One of the biggest mysteries the Milwaukee Brewers will face going into 2014 revolves around the starting rotation. In particular, Tyler Thornburg may be a part of that rotation for his work done this season.
Did Thornburg’s outings this year earn him a positive or negative grade?
Tyler Thornburg’s stature has been considered a flaw, but it certainly hasn’t played out that way. Mandatory Credit: Tim Heitman-USA TODAY Sports
With the shape the Brewers’ rotation found themselves in this season, Thornburg’s starts were almost a blessing in disguise. Even though Thornburg only made seven starts this year (18 games overall), he still was able to expand successfully on a part of this team that had a constant deer in the head lights look. Going down the road, I don’t know that Thornburg is a starter, but after a few outings this season he said that he feels confident out on the mound, so he may be someone to roll with.
Perhaps the best way to describe Thornburg’s 2013 isn’t necessarily based on luck, but his ability to manage a situation. Thornburg did have a significantly low ERA of 2.03 (66.2 innings) and opponents had a hard time hitting against him, only managing a .220 average and a BABIP of .271. Whatever it was for Thornburg, it worked and maybe some of that effort can be contributed to his strikeouts.
This season, Thornburg posted a K/9 of 6.38 which isn’t extremely impressive in itself, but he also saw an uptick in batters swinging out of the zone at his pitches. Batters this season swung at 27.1 percent of Thornburg’s pitches outside of the strike zone, which is 1.5 percent higher than last year’s total. What’s odd is Thornburg saw drop in his fastball’s velocity (92.5 to 92 mph), but a rise in his curveball and change-up, so maybe his off-speed stuff works better.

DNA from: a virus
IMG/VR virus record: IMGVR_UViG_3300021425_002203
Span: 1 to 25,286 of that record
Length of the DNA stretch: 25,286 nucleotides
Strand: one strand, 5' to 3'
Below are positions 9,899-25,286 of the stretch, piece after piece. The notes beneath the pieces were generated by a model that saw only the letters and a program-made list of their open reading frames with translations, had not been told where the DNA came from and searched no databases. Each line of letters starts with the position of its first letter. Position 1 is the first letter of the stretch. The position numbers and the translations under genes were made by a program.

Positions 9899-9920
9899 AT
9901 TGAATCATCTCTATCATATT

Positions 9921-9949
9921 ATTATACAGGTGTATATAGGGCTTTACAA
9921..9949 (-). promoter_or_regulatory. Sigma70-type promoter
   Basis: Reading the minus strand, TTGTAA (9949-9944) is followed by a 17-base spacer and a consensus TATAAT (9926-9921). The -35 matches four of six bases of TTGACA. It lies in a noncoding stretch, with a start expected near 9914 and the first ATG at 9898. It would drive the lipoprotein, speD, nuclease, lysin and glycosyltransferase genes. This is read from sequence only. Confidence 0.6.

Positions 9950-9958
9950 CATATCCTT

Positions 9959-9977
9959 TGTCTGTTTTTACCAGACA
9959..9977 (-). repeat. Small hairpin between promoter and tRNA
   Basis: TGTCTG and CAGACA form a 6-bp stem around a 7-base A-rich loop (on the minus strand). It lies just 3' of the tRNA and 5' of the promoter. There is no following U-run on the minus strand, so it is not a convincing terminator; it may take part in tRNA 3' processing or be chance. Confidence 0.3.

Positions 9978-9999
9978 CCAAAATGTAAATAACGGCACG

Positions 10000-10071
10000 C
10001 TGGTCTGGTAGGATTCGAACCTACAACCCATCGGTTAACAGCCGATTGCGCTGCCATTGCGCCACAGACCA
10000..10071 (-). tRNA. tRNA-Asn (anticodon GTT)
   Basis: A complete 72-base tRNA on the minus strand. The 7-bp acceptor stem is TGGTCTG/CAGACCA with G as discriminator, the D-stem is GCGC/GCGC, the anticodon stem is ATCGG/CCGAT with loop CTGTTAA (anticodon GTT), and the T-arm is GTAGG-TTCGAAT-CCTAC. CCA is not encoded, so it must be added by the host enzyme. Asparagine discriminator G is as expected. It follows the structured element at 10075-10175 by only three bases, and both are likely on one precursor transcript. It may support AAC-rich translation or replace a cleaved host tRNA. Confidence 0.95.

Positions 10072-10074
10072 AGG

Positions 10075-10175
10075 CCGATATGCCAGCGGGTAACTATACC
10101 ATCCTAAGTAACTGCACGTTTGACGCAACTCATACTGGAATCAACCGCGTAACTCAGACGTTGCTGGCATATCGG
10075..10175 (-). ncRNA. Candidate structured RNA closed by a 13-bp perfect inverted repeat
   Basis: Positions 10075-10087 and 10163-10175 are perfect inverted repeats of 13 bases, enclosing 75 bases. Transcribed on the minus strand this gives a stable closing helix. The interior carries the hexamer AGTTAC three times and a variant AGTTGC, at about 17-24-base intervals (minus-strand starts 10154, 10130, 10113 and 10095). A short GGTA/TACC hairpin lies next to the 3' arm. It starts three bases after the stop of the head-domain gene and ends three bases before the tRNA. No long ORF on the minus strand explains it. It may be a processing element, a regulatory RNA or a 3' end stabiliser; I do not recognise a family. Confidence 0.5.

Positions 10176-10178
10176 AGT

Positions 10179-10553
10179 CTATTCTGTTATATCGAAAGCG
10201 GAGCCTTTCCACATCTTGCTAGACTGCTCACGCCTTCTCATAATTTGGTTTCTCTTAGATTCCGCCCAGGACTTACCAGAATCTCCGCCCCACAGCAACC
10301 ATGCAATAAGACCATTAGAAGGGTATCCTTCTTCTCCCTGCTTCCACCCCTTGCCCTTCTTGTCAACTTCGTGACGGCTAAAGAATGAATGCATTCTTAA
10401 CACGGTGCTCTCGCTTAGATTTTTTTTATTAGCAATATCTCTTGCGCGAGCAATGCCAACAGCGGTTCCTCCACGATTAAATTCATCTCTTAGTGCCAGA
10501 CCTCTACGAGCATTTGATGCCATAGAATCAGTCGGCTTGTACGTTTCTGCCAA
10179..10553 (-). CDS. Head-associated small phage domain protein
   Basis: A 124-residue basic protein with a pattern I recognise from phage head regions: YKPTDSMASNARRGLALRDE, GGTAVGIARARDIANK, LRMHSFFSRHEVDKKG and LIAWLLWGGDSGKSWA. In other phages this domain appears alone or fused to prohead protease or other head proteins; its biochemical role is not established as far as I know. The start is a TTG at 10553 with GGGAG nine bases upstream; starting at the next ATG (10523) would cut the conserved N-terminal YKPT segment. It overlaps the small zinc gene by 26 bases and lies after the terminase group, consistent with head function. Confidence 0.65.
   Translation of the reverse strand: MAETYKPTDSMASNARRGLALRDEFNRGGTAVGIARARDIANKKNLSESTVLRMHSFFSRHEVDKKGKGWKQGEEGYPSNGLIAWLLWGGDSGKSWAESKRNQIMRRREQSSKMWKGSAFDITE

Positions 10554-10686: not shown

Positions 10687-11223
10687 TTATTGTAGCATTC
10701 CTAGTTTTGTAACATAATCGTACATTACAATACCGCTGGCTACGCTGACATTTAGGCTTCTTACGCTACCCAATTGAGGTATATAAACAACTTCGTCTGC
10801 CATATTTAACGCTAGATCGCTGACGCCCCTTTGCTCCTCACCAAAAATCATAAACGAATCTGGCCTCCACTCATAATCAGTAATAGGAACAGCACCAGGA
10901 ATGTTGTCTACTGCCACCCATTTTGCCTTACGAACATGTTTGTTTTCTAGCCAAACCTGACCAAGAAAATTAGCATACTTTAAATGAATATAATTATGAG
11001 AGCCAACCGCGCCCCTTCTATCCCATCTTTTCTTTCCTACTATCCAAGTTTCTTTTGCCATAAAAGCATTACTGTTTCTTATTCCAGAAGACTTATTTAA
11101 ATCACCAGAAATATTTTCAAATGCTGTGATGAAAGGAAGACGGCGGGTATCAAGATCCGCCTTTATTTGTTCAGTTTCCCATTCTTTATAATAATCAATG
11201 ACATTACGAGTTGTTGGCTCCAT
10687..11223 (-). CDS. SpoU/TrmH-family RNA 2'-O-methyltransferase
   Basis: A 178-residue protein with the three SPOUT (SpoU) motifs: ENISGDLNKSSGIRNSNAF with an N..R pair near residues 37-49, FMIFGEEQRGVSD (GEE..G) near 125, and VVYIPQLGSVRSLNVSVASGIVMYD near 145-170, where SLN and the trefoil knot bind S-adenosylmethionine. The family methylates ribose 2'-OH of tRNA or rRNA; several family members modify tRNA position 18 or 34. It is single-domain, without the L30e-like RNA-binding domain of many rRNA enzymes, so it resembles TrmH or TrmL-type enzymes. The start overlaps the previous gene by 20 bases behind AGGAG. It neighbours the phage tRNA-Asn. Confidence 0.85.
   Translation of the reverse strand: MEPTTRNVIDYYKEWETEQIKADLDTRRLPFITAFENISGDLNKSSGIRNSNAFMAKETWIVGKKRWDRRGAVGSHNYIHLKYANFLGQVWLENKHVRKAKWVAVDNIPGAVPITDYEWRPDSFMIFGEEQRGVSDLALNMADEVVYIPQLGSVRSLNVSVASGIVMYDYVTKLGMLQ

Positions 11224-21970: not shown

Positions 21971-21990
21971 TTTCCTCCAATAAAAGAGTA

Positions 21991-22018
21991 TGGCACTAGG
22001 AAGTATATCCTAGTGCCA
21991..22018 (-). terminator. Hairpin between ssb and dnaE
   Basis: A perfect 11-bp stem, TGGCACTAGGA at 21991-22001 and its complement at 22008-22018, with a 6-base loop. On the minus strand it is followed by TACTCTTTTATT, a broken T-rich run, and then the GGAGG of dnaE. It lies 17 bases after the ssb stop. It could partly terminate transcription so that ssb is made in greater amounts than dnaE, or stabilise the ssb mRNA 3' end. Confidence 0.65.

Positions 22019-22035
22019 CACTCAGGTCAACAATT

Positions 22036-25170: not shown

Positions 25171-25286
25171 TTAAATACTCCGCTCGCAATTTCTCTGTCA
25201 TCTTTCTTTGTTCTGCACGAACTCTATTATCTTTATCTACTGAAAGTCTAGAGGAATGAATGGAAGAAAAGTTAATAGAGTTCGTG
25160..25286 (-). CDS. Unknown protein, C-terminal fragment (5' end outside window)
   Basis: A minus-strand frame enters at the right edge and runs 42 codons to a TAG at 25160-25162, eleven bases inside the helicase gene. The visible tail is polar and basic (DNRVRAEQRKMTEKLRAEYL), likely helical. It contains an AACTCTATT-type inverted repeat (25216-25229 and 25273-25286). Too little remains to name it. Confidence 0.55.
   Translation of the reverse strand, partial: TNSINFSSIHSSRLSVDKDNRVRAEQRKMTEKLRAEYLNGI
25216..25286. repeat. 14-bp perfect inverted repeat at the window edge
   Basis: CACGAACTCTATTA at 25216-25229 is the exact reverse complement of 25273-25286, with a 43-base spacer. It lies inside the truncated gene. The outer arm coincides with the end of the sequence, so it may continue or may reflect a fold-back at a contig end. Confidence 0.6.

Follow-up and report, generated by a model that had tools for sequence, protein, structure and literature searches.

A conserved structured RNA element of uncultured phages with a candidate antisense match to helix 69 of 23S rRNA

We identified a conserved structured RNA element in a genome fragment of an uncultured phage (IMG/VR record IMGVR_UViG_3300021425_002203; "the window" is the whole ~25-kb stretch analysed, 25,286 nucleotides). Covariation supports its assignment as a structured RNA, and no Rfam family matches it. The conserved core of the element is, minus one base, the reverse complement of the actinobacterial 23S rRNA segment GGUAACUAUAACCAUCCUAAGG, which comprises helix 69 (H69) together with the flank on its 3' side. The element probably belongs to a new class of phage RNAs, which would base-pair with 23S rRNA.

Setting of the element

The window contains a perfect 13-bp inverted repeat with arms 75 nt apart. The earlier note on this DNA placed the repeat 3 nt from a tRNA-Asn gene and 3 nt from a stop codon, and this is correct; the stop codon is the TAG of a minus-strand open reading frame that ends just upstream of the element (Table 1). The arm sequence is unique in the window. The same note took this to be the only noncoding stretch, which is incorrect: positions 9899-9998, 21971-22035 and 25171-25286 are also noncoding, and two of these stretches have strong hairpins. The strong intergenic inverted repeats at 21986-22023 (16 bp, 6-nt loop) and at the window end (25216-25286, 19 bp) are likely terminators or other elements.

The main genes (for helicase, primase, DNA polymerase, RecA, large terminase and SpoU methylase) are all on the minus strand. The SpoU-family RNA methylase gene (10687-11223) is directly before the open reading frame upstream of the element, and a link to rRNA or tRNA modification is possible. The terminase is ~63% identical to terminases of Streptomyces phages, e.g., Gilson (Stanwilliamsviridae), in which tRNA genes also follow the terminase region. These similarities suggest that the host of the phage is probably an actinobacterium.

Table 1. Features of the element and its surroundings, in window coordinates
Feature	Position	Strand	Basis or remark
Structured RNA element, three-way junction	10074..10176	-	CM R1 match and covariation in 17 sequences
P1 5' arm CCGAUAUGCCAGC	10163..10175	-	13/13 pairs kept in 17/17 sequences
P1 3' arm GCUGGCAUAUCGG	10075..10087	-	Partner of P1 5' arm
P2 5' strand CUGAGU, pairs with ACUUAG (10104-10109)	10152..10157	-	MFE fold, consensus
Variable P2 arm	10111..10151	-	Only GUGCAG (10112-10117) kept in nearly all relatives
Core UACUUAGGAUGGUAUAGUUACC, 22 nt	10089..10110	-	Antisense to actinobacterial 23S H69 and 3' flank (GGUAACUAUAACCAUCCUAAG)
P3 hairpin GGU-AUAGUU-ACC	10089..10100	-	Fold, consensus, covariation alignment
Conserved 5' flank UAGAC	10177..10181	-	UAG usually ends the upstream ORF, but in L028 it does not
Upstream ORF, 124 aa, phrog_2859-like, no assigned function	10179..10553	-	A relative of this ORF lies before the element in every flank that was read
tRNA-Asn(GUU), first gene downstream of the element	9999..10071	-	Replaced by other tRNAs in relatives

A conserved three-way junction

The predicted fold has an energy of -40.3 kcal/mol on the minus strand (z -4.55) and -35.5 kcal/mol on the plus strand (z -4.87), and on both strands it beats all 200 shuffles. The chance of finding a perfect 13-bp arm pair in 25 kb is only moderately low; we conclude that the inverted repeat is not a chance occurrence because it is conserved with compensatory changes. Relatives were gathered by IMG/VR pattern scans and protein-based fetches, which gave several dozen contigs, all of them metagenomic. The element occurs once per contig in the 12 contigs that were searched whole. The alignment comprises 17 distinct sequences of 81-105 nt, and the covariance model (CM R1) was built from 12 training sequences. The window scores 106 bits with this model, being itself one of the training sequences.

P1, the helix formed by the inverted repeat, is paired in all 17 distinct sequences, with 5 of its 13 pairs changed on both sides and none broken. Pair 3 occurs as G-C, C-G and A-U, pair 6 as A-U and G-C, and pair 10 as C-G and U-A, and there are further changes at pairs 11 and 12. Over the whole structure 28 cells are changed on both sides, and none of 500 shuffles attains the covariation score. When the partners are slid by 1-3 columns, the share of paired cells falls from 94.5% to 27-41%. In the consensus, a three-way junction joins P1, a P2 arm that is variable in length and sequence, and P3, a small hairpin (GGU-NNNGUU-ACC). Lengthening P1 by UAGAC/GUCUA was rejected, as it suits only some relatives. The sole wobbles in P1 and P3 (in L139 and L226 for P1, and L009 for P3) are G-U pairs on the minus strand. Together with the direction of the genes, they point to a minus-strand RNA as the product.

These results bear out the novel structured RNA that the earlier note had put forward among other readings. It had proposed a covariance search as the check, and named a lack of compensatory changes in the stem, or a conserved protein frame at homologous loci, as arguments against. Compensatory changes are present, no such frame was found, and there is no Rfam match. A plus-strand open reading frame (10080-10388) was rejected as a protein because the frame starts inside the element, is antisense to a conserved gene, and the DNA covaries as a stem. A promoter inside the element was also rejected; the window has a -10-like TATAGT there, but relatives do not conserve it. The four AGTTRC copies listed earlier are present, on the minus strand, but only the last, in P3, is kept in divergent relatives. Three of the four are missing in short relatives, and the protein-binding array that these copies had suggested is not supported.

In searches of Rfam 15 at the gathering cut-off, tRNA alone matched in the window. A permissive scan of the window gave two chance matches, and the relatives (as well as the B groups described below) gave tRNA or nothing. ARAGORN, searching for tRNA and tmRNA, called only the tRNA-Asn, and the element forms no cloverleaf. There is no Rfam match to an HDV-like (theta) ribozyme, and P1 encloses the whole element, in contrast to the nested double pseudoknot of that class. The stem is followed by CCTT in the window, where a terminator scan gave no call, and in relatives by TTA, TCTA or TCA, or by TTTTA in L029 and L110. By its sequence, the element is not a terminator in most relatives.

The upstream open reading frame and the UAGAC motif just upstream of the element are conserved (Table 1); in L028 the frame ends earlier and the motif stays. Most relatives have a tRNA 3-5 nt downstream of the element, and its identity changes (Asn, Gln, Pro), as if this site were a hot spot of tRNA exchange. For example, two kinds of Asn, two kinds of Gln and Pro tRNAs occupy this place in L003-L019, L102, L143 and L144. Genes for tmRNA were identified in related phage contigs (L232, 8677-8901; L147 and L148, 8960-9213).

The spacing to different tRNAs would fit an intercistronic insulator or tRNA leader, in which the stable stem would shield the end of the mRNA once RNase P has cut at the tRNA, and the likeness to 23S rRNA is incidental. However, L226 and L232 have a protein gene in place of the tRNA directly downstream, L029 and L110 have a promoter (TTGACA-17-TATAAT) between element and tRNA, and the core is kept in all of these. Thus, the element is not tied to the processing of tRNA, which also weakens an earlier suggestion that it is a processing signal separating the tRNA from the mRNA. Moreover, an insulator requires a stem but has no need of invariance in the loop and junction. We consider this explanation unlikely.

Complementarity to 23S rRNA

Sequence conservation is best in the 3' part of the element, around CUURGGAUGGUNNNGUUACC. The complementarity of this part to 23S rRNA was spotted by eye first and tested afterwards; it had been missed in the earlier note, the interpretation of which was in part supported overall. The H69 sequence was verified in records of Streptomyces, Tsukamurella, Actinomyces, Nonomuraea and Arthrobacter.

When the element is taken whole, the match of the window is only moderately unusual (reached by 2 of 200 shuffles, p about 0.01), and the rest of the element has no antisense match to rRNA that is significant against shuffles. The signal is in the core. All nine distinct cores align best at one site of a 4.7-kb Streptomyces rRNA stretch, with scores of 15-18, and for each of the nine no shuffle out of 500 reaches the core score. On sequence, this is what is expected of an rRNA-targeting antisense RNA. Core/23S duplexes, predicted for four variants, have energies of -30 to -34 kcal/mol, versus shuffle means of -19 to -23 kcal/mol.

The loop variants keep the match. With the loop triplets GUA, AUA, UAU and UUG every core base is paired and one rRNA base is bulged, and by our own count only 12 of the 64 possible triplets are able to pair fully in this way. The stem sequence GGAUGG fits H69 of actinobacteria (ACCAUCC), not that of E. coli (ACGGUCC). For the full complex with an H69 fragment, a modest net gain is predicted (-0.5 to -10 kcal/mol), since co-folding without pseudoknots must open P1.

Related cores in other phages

One of the most impressive things about Thornburg was how he kept his composure during the course of the season. Only once did Thornburg allow four runs in an outing this year and the rest he either allowed two or less. He’s also a guy that given the chance, can go seven innings and maybe even more, and that’s exactly what this team needs going forward.
A lot of people compare Thornburg to the San Francisco Giants’ pitcher Tim Lincecum as they are around the same build and that they have a very similar delivery. Some scouts said that Thornburg’s frame wouldn’t be ideal for a starter, but hey it worked out for Lincecum quite nicely, especially since he just received that two-year / $35 million deal.
That said, I like Thornburg and I think for this season, he was a great fit for the short time he was a part of the rotation. As a long reliever, Thornburg could still do well, but I feel at some point you’re limiting his ceiling. Of course with guys like Jimmy Nelson, Taylor Jungmann and eventually Jed Bradley on the way, it’ll be a competitive field for Thornburg to do battle in. Of course with a guy like Thornburg, you take it on a year-by-year basis and this year, he wasn’t perfect, but he was pretty darn good.
Thornburg’s final grade: B+